I just wrapped up another installment for a really fun-to-me project. The story is for a younger audience and I can’t wait to tell you more about it. Part of the reason why I loved this process so much, is because I enjoy worldbuilding to create that sense of wonder and whimsy. The stakes aren’t life or death, either, which is a big change and a welcome relief from the “Oh gods, oh gods, we’re all going to die!” stories and games I often pen.
Why do comfort stories matter? Stories written for comfort create safe emotional spaces. These are places our minds and hearts can go to rest from whatever is happening in our corner of the world. I strongly believe these books are not just for children. We all need a reprieve from time to time and reading a comfort story can be an act of self-care. Comfort stories can take different shapes, too, and aren’t always about obstacles that need to be overcome with violence. Those obstacles can be puzzles or misunderstandings that need to be worked out instead of a solution that can only be resolved by grabbing the biggest hammer you can find.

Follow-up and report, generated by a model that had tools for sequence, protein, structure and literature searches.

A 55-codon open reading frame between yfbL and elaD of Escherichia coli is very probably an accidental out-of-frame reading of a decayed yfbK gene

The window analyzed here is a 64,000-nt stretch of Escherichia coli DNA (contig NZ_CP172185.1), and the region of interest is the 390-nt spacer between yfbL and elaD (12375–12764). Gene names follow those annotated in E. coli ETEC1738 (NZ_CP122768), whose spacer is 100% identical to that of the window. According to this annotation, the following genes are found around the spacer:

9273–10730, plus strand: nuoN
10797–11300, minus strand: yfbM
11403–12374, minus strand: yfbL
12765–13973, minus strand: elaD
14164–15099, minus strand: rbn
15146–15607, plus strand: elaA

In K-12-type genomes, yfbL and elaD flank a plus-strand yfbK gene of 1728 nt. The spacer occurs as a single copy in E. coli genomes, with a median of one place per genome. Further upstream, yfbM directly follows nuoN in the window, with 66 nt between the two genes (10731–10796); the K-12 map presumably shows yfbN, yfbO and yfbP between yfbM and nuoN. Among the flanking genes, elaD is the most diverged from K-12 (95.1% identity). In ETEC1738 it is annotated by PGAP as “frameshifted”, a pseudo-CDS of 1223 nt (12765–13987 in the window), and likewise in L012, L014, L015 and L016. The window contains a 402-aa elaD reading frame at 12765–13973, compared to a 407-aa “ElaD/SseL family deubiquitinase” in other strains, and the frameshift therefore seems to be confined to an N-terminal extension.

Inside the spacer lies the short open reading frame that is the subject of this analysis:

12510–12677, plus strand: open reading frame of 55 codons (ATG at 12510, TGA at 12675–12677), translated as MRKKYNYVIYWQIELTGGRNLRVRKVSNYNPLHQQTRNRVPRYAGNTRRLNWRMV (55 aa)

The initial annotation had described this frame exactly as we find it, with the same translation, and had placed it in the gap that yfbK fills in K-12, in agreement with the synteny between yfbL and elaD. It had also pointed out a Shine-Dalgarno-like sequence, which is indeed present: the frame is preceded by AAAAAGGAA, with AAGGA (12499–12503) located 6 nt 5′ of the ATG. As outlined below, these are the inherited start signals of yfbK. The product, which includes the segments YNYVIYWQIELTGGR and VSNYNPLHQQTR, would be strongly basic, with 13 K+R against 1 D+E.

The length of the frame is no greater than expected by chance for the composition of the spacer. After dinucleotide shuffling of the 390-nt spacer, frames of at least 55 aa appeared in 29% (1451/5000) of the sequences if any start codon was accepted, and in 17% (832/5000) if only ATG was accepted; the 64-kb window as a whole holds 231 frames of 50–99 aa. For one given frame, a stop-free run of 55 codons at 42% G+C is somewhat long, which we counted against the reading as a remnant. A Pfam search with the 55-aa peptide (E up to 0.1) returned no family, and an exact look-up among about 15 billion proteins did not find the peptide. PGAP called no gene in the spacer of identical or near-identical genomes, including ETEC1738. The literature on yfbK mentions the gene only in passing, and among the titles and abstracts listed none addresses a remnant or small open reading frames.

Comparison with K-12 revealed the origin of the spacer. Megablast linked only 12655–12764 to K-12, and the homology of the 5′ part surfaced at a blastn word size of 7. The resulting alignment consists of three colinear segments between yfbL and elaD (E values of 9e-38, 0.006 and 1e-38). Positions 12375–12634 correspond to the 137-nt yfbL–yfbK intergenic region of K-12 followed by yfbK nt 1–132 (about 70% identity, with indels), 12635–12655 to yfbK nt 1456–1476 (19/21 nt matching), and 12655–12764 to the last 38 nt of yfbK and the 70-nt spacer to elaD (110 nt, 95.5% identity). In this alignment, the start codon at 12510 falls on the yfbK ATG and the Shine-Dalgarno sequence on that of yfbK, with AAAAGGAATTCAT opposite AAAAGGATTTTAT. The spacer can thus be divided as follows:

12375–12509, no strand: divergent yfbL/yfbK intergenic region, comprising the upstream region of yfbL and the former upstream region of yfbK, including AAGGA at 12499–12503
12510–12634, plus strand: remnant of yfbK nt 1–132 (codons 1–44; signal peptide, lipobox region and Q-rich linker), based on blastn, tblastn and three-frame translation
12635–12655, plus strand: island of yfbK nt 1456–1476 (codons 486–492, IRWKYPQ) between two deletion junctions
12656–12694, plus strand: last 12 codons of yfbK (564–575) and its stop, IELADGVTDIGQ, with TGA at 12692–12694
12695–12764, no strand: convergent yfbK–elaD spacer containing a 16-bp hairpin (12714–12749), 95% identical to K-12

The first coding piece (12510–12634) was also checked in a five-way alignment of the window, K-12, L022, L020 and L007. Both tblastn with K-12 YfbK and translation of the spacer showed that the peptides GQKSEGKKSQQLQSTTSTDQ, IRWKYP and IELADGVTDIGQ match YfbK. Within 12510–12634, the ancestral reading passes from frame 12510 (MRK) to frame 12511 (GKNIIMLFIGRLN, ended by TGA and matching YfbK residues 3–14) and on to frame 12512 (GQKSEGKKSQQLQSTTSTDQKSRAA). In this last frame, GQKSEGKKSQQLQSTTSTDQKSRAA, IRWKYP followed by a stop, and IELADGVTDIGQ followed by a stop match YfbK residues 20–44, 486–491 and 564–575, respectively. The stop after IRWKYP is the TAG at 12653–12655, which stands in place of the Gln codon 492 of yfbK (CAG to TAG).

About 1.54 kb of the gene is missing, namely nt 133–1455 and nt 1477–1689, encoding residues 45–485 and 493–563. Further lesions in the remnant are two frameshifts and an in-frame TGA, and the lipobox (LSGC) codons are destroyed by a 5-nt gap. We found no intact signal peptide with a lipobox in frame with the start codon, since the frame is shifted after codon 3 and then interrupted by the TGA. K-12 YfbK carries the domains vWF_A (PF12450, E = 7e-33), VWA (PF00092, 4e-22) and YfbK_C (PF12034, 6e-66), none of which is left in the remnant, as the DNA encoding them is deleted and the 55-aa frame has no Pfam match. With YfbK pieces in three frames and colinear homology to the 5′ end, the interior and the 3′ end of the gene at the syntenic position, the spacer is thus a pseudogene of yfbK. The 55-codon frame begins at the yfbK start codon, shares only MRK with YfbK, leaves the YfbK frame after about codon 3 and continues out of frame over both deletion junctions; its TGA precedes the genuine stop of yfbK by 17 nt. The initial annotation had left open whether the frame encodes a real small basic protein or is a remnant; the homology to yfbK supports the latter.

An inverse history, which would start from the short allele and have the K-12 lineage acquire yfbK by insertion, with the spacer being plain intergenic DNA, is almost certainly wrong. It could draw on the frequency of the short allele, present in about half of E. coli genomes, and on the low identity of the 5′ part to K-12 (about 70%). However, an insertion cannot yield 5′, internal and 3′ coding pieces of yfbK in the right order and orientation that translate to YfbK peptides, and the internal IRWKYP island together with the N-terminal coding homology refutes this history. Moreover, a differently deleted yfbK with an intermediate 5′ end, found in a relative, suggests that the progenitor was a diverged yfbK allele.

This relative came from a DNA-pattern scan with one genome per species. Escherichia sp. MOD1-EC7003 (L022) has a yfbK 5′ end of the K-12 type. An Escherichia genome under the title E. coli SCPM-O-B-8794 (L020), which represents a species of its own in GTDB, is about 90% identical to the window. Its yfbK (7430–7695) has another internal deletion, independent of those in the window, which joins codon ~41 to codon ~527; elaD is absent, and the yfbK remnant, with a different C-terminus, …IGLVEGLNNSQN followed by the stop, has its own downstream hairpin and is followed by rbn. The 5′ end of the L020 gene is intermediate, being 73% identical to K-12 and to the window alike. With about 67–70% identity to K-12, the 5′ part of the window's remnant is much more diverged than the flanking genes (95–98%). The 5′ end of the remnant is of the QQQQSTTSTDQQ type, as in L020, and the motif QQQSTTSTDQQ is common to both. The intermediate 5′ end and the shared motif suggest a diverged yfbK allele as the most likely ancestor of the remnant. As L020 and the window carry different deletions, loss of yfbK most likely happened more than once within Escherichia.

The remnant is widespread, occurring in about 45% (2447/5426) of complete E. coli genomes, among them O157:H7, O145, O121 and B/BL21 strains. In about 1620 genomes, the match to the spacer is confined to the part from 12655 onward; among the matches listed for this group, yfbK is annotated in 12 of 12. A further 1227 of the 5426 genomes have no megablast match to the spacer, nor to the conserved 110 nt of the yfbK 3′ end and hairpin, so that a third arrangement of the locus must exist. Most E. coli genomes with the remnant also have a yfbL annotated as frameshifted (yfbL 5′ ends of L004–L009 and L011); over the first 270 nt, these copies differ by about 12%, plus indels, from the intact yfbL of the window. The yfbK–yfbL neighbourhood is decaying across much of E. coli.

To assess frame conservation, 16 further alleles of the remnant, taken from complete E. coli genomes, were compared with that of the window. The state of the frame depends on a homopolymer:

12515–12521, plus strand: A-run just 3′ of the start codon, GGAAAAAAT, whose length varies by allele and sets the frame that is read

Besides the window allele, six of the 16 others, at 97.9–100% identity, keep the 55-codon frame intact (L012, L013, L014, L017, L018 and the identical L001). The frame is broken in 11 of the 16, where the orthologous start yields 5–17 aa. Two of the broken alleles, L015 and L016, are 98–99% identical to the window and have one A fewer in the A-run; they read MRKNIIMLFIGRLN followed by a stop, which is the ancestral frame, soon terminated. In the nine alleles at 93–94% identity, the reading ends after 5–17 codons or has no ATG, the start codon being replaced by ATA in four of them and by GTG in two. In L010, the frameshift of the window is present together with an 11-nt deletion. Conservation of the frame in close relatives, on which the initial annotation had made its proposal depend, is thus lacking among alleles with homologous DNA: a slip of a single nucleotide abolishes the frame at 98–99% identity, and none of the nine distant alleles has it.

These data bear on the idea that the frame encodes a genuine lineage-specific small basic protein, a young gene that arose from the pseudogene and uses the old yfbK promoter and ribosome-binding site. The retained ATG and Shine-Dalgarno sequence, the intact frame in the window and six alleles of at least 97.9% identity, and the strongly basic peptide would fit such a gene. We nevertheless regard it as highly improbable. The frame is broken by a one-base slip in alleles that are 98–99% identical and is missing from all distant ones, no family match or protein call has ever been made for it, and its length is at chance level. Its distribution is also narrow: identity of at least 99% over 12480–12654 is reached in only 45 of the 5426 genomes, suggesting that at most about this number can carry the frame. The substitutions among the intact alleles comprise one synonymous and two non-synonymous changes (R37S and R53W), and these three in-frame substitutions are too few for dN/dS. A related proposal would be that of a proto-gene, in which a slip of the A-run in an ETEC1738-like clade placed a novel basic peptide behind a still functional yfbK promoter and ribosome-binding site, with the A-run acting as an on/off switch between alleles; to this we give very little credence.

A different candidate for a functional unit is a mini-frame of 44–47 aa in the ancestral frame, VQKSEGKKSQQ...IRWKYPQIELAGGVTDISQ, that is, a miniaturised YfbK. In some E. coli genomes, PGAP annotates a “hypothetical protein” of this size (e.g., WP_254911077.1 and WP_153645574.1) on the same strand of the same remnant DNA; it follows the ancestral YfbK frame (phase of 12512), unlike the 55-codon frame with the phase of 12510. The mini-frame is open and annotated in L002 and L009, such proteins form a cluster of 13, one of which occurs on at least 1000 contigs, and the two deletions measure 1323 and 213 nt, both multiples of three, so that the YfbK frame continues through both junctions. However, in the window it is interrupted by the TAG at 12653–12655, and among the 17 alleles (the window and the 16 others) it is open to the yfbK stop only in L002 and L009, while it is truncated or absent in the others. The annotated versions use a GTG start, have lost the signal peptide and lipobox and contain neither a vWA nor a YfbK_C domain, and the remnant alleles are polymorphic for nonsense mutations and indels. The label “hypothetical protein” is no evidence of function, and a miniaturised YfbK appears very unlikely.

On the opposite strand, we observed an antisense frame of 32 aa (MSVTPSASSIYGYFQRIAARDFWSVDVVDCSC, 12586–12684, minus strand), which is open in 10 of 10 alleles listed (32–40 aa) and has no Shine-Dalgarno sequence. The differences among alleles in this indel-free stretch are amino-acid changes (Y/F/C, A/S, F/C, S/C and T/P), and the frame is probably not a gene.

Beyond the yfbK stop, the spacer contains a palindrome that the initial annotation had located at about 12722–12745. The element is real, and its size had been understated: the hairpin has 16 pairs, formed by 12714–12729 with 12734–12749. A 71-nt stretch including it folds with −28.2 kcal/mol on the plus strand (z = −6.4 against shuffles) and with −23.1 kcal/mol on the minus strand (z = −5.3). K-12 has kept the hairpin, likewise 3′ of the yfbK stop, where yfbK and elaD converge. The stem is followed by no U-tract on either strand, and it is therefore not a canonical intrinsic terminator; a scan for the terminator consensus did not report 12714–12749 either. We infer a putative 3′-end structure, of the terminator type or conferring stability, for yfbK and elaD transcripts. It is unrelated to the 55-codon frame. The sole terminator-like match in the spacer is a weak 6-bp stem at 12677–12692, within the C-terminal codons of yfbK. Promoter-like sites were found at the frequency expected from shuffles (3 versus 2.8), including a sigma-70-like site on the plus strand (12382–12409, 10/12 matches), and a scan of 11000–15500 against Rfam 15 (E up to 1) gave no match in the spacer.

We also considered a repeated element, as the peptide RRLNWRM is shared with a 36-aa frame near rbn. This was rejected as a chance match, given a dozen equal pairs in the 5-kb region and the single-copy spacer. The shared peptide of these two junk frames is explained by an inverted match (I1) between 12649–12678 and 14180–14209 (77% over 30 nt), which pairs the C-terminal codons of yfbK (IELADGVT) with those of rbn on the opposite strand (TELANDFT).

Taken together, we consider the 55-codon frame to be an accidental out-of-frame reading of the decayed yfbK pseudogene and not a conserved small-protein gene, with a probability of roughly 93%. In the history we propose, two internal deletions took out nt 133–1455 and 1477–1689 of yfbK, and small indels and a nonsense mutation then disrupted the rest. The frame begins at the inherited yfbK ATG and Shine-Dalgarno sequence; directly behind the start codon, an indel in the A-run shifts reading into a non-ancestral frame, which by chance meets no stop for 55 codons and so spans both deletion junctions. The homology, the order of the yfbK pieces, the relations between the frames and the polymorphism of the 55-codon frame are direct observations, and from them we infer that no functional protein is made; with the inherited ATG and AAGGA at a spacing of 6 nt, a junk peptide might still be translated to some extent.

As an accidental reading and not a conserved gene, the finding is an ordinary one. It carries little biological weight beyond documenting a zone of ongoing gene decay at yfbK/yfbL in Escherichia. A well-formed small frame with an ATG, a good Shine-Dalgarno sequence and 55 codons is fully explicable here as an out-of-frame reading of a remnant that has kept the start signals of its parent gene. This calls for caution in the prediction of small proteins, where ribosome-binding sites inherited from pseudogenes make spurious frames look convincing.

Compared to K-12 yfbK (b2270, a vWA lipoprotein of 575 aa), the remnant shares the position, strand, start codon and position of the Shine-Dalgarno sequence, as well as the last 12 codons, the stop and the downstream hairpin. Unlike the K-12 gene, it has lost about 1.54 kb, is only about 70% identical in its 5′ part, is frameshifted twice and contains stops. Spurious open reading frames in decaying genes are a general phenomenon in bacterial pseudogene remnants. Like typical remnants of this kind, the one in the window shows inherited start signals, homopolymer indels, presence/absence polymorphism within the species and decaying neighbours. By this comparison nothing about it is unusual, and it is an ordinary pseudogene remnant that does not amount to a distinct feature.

Some of my favorite comfort authors include Terry Pratchett, for his biting wit and commentary embedded in a gentle narrative style even when the fate of the universe is at stake, and Diana Wynne Jones who wrote several books including Howl’s Moving Castle which was adapted to a full-length animated film and produced by Studio Ghibli. Many comfort stories offer kids the ability to see themselves as the heroes in fantastic or everyday environments. Children’s books are so important in any timeline, in a world fraught with uncertainty and meanness they gift kids with the one thing we all need from time to time: hope.
What about you? Do you have any comfort stories you like to read? Any authors you’d like to recommend? Please share!